Health Care Priorities and Severity - An Explorative Study of how to Compare Across Patient Groups
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This thesis looks at health care priorities across patient groups, and compares two interventions for two different patient groups with base in the defined Norwegian priority criteria of severity, effect and cost-effectiveness. The comparison takes base in existing studies, and a methodological “gold standard” is defined to enable a comparison across the groups of heroin abuse and metastatic colorectal cancer. The aim of the thesis is to illustrate how an operationalization of severity can affect priority decisions, and the severity measure of absolute QALY loss (AQL) is compared to the severity measure of relative QALY loss (RQL).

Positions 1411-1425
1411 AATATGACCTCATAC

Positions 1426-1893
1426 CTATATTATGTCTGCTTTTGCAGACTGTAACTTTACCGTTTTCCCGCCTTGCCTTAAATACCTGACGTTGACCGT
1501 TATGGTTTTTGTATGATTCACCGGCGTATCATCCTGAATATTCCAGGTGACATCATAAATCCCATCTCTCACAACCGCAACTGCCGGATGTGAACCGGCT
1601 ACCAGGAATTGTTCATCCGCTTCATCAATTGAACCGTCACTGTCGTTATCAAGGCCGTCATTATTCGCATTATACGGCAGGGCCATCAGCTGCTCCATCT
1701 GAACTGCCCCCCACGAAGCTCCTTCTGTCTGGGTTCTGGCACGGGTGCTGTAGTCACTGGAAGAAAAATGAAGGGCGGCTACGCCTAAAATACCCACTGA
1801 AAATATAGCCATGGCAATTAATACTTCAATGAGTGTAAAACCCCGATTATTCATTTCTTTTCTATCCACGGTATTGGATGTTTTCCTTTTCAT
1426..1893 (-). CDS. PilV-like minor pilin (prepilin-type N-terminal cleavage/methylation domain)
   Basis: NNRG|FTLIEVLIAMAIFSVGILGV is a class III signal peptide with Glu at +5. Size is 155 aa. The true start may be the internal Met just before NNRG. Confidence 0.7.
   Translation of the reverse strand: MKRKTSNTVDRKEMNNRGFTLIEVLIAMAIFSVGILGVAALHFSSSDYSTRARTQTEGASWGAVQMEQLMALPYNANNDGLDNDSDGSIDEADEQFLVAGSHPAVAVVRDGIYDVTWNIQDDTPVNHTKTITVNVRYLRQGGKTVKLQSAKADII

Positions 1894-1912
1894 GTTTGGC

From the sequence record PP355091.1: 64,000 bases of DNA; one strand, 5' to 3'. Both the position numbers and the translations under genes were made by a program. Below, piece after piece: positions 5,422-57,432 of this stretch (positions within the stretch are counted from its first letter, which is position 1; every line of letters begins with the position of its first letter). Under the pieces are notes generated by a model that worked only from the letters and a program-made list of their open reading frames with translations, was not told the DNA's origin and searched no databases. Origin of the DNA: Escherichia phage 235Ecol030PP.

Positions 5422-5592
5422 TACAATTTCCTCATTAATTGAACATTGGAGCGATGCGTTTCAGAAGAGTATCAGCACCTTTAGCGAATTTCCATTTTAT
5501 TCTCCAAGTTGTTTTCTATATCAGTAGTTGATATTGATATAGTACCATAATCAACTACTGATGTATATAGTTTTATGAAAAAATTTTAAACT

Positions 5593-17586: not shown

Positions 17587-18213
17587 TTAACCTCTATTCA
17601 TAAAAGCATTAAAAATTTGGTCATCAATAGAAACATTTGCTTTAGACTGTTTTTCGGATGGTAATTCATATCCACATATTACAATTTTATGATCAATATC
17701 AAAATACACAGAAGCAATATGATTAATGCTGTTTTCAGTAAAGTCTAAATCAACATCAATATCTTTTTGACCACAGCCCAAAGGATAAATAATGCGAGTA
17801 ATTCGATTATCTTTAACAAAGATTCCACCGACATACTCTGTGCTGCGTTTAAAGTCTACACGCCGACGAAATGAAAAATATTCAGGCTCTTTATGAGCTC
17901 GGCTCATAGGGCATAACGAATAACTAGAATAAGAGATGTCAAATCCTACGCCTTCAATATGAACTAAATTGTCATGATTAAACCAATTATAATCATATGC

The methadone intervention for heroin abuse proved to be both more effective and more cost-effective than the cancer intervention of bevacizumab, both when considering a societal and a provider perspective. The two severity measures provided opposing results. With AQL, heroin abuse was almost twice as severe as cancer with a loss of 41 QALYs compared 23 QALYs. RQL resulted in a ratio of 0.66 for heroin abuse and 0.96 for cancer, which indicates the opposite conclusion.
The main results rests on undiscounted QALYs. When discounting the QALYs, AQL becomes almost equal for the compared groups, mainly due to the age difference. Since the severity measures are based on the patients’ qualityadjusted life expectancy (QALE), a possible gender effect is relevant because women on the average live longer than men. The use of a fixed innings threshold is also depicted as an alternative to QALE. A final choice of severity measure was difficult to make, but some arguments are provided in favour of AQL as this measure has some inbuilt elements that have the ability to reduce a possible ageism critique. In addition, the argument is made that age actually does matter.